Day 57: 19 May 2014; Glasgow to Milngavie

Day 57: 19 May 2014; Glasgow to Milngavie
Walk descriptor LEJOG2014 Day 57
Date Mon 19 May 2014 Start to end time 04h 47m
Start point Glasgow End point Milngavie
Miles today 13.40 Cu miles 1,063.50
Ft today 922 Cu ft 140,302
Route miles left 430.04 Route ft left 58,943
Today’s weather Warm and sunny all day. Light Easterly breeze. No rain. About 17C
IMG_1060 IMG_1059
Today’s location
(the red cross in a circle shows where I am at the moment)
GPX based track of today’s walk
(click here to access to access downloadable file)

“It’s strange but true – the further North I’ve got on my walk, the warmer the weather has become. Doubtless the progression of the seasons has had something to do with it, but whatever the cause, today was undoubtedly the warmest day of the walk so far. I was warm all day whilst I was walking – for the first time, actually, since I started walking 57 days ago.

I had a very relaxing evening in a hotel in Central Glasgow, and given that I only had a short walk to Milngavie today, I allowed myself a bit of time to have a lie in and to look round the town centre. It was a lovely warm morning, so it was a good opportunity to relax and soak up the atmosphere. Actually, the latter was a bit of an exaggeration – I thought the part of Glasgow around the Central Station, where I was staying, was looking a little down-at-heel, as if it was still suffering from a bit of a hangover from the recession.

So I wasn’t away till 10 o’clock this morning, but only had a short hike through town to rejoin the Walkway along the banks of the Clyde, as it progressed downstream through the ultra-modern Exhibition Centre to connect up with the Kelvin Walkway. I followed this route all the way to Milngavie and, a bit like the equivalent on the Clyde, I found it interesting and easy to walk.

Kelvinside was altogether much more relaxed than central Glasgow today – it’s a well maintained parkland, and includes an attractive botanic garden. And incidentally for any physicists reading this, William Thomson the mathematical physicist worked at the university here and subsequently became Baron Kelvin. The name “kelvin” was given to the unit used for the measurement of absolute temperature, in his honour.

I continued up the Walkway out of Glasgow and into the countryside to the North. It remained sunny and warm, so I took is slowly, knowing that I’ve got a much harder day tomorrow, and really enjoyed soaking up the warmth. I arrived in Milngavie in the early afternoon, in time for tea and millionaire’s shortbread (of course..). It’s a local holiday (Victoria Weekend) in Edinburgh today, and partly as a result Mingavie seemed to be bustling with visitors. It’s also populated with enthusiastic looking walkers getting ready to start the West Highland Way walk. It’s funny how clean and smart they all look! Anyway I think I might have company for the next few days’ walking – something of an oddity as up to now I’ve had most of the paths I’ve been walking pretty much to myself.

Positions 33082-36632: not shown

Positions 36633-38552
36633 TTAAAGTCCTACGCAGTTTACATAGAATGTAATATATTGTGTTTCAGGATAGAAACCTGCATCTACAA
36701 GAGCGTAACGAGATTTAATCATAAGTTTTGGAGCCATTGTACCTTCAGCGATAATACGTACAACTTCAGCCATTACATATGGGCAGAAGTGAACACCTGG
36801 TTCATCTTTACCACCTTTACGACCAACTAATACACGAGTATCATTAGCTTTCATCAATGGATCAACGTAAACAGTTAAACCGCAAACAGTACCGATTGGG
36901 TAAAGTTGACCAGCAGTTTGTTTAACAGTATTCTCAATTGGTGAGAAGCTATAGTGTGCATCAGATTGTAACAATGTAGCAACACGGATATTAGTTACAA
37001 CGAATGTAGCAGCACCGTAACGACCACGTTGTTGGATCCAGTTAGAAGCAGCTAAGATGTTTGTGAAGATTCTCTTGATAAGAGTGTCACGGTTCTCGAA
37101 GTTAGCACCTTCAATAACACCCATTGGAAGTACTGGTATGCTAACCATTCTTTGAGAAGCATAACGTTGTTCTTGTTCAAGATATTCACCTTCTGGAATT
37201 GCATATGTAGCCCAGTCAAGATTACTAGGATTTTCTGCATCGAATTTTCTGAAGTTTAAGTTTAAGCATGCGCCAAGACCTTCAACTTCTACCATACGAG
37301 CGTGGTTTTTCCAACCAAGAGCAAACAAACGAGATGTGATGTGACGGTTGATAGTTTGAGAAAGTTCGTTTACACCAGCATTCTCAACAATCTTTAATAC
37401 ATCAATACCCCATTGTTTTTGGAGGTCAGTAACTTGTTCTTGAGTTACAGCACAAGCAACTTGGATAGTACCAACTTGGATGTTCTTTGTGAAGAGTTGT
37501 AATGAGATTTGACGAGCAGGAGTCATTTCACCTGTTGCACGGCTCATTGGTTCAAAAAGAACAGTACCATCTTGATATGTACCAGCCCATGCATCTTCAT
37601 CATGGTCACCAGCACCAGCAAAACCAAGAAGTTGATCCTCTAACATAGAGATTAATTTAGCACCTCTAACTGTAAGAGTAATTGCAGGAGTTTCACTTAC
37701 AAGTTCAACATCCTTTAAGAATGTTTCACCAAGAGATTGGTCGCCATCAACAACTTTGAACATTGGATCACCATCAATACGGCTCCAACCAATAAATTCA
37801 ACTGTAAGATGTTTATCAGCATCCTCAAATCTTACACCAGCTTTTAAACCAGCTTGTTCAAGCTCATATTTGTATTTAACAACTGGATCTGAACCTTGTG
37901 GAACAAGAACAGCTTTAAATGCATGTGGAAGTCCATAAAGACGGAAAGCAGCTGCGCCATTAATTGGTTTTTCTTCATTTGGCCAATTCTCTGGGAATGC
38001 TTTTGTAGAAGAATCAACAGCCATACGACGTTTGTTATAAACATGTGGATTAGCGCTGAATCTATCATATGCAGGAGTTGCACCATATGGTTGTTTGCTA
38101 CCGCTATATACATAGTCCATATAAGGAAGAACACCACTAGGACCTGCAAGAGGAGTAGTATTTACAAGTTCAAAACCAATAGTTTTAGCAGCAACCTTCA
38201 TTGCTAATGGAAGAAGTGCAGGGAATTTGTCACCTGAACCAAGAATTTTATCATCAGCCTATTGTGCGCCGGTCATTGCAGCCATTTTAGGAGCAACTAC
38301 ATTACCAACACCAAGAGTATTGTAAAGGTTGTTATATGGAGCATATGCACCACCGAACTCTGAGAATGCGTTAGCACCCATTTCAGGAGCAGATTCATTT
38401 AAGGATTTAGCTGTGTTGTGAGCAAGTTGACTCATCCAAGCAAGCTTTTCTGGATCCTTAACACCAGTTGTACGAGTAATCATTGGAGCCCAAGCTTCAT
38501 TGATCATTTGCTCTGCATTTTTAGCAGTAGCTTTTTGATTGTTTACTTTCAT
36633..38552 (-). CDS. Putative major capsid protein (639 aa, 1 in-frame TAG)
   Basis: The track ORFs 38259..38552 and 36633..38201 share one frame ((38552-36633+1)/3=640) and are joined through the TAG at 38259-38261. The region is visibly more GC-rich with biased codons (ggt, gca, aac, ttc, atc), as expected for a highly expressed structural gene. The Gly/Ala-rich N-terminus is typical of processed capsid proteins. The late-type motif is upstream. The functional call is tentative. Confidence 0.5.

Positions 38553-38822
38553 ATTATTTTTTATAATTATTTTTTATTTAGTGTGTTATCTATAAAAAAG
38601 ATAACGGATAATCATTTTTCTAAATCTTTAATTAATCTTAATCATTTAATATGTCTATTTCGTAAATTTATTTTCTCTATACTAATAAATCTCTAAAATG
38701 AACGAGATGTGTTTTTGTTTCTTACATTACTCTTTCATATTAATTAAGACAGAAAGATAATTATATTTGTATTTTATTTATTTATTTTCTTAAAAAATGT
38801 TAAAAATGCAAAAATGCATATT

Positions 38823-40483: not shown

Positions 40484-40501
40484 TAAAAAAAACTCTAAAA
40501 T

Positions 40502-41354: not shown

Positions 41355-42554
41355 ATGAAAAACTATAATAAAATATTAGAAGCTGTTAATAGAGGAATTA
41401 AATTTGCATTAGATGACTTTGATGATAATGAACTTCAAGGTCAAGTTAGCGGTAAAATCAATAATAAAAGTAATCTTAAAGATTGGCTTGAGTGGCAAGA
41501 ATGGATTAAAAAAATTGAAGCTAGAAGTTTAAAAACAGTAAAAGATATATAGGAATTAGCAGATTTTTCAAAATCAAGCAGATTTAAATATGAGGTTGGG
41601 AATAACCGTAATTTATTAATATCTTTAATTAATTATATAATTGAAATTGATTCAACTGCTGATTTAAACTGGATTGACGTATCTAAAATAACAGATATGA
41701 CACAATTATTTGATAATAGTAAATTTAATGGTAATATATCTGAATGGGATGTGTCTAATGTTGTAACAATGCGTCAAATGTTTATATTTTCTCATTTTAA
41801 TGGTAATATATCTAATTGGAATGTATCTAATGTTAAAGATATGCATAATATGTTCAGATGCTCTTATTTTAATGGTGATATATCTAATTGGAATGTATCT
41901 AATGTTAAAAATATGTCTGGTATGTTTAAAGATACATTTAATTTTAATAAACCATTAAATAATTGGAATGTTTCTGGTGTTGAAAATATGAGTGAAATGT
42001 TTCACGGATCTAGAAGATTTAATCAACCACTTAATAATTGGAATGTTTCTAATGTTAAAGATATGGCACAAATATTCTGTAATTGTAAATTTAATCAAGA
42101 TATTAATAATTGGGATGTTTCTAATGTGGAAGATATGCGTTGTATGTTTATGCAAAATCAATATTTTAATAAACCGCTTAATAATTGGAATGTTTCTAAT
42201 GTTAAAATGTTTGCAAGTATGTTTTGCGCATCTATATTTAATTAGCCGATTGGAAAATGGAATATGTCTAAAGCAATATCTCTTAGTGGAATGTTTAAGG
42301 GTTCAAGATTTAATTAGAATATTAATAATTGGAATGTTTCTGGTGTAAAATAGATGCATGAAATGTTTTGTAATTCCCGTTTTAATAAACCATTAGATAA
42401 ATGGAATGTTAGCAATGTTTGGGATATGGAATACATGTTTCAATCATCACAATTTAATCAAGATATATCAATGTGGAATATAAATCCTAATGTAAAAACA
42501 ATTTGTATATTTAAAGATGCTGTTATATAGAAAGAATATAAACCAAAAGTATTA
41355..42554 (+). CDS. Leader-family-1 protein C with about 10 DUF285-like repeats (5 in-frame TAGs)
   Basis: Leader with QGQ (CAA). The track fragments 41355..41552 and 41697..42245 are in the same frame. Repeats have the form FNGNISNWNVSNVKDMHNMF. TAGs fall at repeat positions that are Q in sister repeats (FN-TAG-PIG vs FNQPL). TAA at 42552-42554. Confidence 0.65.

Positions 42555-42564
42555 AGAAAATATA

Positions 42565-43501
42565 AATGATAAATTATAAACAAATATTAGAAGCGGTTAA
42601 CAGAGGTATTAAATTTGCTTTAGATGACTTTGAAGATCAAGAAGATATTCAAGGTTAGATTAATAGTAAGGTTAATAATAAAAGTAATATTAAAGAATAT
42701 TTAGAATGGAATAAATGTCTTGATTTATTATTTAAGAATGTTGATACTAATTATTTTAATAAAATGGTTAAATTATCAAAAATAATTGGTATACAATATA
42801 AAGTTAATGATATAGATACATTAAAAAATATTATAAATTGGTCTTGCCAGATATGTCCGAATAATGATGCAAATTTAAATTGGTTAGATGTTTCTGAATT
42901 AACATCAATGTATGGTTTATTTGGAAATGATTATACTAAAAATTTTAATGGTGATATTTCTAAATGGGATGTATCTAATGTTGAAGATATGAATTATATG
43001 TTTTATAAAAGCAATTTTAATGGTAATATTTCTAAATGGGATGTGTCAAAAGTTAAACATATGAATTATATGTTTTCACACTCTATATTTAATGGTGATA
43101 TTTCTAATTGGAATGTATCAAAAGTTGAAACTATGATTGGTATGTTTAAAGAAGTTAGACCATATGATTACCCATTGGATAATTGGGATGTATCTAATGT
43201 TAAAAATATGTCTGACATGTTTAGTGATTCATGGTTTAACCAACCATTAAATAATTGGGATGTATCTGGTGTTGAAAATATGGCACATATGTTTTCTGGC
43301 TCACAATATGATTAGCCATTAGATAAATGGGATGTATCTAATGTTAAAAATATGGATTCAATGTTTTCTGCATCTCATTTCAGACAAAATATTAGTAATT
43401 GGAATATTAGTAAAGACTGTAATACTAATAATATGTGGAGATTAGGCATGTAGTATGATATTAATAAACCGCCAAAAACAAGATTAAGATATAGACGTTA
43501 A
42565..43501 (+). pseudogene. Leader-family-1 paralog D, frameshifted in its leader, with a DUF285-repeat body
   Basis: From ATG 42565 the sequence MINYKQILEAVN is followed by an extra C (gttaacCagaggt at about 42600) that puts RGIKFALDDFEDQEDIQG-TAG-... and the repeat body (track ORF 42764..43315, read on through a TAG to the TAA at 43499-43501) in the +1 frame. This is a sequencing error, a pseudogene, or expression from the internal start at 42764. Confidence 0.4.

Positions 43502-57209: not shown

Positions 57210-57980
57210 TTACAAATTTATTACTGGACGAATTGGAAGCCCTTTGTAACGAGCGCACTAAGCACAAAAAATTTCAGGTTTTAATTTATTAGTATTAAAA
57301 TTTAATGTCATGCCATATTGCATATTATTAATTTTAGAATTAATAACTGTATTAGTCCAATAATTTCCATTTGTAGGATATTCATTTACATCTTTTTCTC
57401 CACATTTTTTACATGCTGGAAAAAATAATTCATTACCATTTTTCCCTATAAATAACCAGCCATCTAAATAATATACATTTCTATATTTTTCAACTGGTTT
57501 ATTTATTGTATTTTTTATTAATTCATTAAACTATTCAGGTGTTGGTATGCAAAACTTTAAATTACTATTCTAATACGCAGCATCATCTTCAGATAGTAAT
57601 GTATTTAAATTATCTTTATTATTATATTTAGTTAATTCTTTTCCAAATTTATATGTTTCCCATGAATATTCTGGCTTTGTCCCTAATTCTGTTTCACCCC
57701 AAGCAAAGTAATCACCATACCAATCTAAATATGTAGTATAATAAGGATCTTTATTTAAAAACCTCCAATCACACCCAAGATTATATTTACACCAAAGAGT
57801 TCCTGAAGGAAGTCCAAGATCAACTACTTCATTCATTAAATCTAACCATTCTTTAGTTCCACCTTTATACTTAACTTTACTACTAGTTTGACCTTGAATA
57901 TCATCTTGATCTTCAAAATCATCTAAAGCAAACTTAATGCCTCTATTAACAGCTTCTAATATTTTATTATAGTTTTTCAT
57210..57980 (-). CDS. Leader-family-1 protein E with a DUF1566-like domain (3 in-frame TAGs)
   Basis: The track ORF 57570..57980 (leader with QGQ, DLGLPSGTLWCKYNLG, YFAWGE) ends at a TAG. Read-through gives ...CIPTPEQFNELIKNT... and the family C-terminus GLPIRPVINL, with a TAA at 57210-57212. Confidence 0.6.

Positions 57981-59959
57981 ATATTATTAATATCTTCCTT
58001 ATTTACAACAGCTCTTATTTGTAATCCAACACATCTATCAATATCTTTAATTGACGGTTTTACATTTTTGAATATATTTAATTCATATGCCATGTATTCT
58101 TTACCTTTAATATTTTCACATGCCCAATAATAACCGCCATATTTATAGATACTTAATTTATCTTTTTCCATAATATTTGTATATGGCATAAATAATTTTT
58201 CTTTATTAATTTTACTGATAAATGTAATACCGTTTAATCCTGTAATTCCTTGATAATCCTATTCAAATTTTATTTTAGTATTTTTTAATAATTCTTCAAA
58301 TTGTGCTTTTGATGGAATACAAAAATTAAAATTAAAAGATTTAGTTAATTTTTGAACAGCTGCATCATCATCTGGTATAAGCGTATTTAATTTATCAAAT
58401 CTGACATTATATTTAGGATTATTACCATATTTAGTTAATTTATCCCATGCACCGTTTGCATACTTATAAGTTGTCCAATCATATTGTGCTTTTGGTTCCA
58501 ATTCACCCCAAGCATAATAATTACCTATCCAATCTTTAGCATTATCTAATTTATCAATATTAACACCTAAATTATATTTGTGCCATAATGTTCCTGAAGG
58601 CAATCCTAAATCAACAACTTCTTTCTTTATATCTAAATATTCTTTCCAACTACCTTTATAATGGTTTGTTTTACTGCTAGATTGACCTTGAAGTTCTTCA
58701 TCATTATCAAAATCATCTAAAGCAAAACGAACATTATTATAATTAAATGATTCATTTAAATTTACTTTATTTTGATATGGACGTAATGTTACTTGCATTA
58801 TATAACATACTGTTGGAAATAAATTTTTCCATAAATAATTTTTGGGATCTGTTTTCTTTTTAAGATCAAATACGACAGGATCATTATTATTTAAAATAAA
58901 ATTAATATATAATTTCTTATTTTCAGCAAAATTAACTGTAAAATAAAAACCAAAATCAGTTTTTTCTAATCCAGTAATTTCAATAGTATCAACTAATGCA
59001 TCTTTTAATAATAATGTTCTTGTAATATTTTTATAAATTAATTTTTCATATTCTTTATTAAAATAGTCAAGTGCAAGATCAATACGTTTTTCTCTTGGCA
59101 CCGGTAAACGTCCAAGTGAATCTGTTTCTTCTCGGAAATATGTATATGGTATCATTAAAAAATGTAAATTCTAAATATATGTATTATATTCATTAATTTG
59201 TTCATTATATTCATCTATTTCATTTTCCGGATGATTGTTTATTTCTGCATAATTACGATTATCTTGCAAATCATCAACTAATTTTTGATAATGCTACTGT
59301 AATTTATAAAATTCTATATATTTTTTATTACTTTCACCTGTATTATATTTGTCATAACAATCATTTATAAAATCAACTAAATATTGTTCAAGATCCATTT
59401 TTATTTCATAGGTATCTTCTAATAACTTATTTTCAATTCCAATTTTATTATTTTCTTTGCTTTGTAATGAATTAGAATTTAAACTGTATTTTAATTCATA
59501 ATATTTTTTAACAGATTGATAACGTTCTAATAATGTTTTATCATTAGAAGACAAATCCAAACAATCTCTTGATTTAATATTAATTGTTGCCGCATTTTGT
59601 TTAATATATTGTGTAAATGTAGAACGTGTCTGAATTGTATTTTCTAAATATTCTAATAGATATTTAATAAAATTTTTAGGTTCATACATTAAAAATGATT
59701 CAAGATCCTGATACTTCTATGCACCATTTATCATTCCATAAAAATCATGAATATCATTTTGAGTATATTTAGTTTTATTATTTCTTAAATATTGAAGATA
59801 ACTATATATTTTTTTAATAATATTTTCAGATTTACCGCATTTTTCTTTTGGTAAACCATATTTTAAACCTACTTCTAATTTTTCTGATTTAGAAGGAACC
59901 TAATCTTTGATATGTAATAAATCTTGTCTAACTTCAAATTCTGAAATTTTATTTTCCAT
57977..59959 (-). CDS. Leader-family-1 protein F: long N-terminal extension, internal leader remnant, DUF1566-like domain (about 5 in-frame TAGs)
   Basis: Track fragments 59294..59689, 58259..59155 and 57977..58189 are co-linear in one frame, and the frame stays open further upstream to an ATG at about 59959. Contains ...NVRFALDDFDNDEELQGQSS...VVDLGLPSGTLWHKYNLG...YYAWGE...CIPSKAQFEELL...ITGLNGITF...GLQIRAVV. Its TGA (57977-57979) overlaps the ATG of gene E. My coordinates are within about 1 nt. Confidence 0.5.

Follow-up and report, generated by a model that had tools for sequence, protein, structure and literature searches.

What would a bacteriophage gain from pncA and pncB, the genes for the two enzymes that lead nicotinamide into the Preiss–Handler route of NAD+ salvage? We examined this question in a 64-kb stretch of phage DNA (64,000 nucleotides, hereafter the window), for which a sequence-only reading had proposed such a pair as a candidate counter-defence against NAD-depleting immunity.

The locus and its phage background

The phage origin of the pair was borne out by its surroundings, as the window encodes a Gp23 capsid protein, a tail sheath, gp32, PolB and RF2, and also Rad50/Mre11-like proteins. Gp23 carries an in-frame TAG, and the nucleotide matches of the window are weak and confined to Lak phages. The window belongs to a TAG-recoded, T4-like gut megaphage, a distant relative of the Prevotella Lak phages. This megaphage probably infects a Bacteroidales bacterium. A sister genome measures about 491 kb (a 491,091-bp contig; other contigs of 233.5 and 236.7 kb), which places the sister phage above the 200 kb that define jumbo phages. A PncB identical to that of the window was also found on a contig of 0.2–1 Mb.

So tomorrow another chapter in the hike begins, with the journey from Mingavie to Loch Lomond via the West Highland Way. I’ll tak’ the low road, as they say…”

Today’s photos (click to enlarge)
IMG_0604 IMG_0608
In Union Street, Glasgow, this morning. If you look carefully you might even spot a man in a kilt. This one was not 50% off, evidently.. Setting out in the warm sunshine on the Clyde Walkway, near the Scottish Exhibition Centre
IMG_0620 IMG_0631
Kelvin Hall, opened in 1927: a multi-purpose sports and arts centre Kelvin Bridge, near the Botanic Gardens (I think..)
IMG_0640 IMG_0645
Impressive looking but rather hairy caterpillar blocked my path this afternoon Elm trees – distinguished by the asymmetric lower lobes on the leaf. A rarity in England after the Dutch Elm Disease epidemic of the late 1970s (except in Brighton which escaped, seemingly) but thriving on the banks of the river today
Panorama showing the historic Finnieston crane on the left and the Rotunda building – now a casino but formerly gave access to a subsequently hidden tunnel under the Clyde
The previous day’s blog follows below the blue line
Solid line blue
<- Forward to next day
<- Return to overview page ->
Back to previous day ->